Tim Richardson’s Spiritual Machine

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Tao Okamoto for Models.com

With release of photographer Tim Richardson’s “Spiritual Machine” Models.com decided to follow up with the visionary imagemaker (and Models.com feature contributor) to talk about the new book and his body of work.  Machine is a selection of work encompassing the past 5 years from stories in Dazed and Confused to Vogue Hommes Japan. His hyper-effected images are an amalgam of fashion and futurism, glamour and distortion, form and technology–all exploring with verve the hybrid language of digital photography.

“Spiritual Machine” is available for direct purchase here

Let’s go back–What’s a defining moment for you as a artist? Something that made it all click. 

When I was around 13 I discovered David Bowie and Francis Bacon in the same week. Something in Bowie’s chameleon personae and the dark beauty of Bacon’s pictures really shook me up. The desire was already there to make images (I’d been drawing since I could remember) but they really tipped me over the edge. I remember I started making polaroid experiments with my father’s cameras…now here we are…

What was the first picture you ever took of? 

The first picture I remember consciously composing was a shot of my next door neighbor’s twin sons inside a burned out building. The roof was missing and the boys were standing in this skeletal blackened space. I think I’d just seen Mad Max 2–that bleached out light, which is so Australian, just made sense to me.

Tell me a little bit about Spiritual Machine…

The book was born out of a duality I recognized in my pictures: the tension between technology and the sensual nature of the human body. Whether it be installation, film, or photography the figure is almost always at the center of my images.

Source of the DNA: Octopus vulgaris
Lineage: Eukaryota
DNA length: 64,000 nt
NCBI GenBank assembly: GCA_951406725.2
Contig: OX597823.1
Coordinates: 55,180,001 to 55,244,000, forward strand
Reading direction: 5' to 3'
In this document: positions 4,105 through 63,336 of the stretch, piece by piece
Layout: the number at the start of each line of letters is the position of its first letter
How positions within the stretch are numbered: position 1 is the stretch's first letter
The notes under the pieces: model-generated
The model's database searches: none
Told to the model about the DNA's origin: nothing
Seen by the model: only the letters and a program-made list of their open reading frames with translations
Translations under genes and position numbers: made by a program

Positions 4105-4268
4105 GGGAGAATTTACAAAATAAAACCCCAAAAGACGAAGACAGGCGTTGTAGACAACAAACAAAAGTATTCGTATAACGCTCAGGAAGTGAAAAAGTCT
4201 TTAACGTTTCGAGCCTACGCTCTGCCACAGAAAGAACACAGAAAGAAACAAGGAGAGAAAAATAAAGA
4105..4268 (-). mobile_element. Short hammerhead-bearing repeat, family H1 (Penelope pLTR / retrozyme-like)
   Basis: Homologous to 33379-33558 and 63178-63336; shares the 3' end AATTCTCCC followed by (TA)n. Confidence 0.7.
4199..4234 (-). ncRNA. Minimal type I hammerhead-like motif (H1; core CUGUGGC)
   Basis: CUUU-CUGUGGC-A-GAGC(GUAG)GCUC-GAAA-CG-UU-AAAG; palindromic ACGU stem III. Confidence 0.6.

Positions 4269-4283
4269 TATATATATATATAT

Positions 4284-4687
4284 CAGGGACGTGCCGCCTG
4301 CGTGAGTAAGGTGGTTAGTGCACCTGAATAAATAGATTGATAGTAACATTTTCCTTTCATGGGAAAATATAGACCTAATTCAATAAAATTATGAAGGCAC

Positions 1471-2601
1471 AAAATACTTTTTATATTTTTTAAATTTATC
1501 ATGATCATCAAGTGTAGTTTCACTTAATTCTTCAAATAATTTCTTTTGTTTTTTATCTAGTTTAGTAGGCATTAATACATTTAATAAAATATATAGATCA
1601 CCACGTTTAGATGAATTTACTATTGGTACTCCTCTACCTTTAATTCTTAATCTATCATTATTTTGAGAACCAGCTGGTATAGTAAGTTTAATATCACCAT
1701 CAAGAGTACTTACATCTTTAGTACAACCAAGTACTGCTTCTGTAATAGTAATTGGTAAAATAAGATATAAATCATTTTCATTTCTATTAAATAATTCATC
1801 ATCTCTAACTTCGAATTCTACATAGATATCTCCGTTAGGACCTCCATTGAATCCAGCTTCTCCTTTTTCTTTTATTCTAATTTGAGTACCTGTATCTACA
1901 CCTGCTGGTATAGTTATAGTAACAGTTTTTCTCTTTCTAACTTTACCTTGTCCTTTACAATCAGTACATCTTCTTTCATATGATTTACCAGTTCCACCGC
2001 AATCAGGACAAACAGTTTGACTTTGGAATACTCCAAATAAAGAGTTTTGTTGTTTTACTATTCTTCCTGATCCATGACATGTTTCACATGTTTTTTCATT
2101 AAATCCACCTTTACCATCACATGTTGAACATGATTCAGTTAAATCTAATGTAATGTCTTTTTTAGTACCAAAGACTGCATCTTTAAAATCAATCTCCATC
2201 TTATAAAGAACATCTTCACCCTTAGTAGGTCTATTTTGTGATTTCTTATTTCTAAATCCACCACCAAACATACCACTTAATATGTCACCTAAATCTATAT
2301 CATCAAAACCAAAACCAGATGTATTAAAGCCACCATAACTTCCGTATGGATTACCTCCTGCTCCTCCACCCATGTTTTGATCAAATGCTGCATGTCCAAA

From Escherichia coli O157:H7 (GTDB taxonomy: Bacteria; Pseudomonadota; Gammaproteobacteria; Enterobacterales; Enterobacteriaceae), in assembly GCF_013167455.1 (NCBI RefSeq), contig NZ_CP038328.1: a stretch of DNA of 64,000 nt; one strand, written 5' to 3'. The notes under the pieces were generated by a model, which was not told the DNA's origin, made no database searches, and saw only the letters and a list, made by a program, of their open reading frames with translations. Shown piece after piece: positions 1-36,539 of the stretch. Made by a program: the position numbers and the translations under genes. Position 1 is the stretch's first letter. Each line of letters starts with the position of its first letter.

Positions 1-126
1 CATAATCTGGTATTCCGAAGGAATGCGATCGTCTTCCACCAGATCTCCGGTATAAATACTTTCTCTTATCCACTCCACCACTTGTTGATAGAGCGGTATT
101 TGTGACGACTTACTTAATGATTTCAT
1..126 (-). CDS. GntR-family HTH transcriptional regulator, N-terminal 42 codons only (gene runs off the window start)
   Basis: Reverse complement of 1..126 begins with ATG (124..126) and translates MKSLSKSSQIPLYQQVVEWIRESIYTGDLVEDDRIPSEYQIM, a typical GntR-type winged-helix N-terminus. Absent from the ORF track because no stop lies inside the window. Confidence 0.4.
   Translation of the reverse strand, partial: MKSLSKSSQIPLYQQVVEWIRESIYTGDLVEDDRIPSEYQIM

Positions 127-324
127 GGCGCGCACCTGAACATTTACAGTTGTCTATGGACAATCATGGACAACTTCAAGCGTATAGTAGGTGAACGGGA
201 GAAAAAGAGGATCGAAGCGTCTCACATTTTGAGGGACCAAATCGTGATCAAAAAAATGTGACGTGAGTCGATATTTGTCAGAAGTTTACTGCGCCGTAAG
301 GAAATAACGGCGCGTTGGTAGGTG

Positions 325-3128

When did you start altering your work and how did that lead to exploring with other techniques? 

I’ve always manipulated my pictures–tried to get closer to the image in my mind’s eye. In the beginning I’d try altering my chemistry in the lab or manipulate the winders on my 35mm film cameras to create random multiple exposures. Before I discovered the studio I went through a period of only shooting at night… Anything to get closer to my own version of reality.

How do you approach your projects in terms of setting a direction? 

I usually research a theme or period that ties into the subject or character I am building with the creative team. Then I search for its opposite. For me duality, juxtaposing opposites, and sometimes in the most subtle ways, creates unique images.

Is there a single piece of work, idea, or person that continually inspires you the most and why? 

There is no one artist or piece of work. I look at painting and sculpture mostly for inspiration. Photography is so much about finding the moment–painting and sculpture are the opposite: they are images designed around permanence. Maybe it’s that permanence that attracts me.

How much improvisation happens in post? 

Post is often predetermined. It can dictate how and what you shoot for so many reasons. Improvisation in post is what happens when you decide to push the technology past its usual limits. Then the accidents happen and you run with it.

You mainly shoot in stark studio interiors, what is attractive to you about that environment? 

The studio is a blank canvas. Everything is possible in that context. I like that freedom, that experimental space.

Looking forward, are there new elements you’re hoping to introduce into your work? 

I’d like to develop the narrative, storytelling side of my images–push the character development further. Making the book gave me the opportunity to focus on a specific period of work (the last 5 years) and build a world around the images. To create a context beyond the single moment. I think the images and film I made with Guinevere van Seenus for the Milk Exhibition are the first step in making that change. A more filmic direction driven by identity.

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Tao Okamoto for Models.com
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Brooke Candy for Sunday Times Style
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Guinevere Van Seenus
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Rinko Kikuchi for V Magazine

2 Comments
  1. Tom’s works are always tuned from beginning to the end. I could complain that something is wrong, but what I find bad? Shadow? no,it is good. Styling? It brilliant. Sometimes I wonder how he does it…

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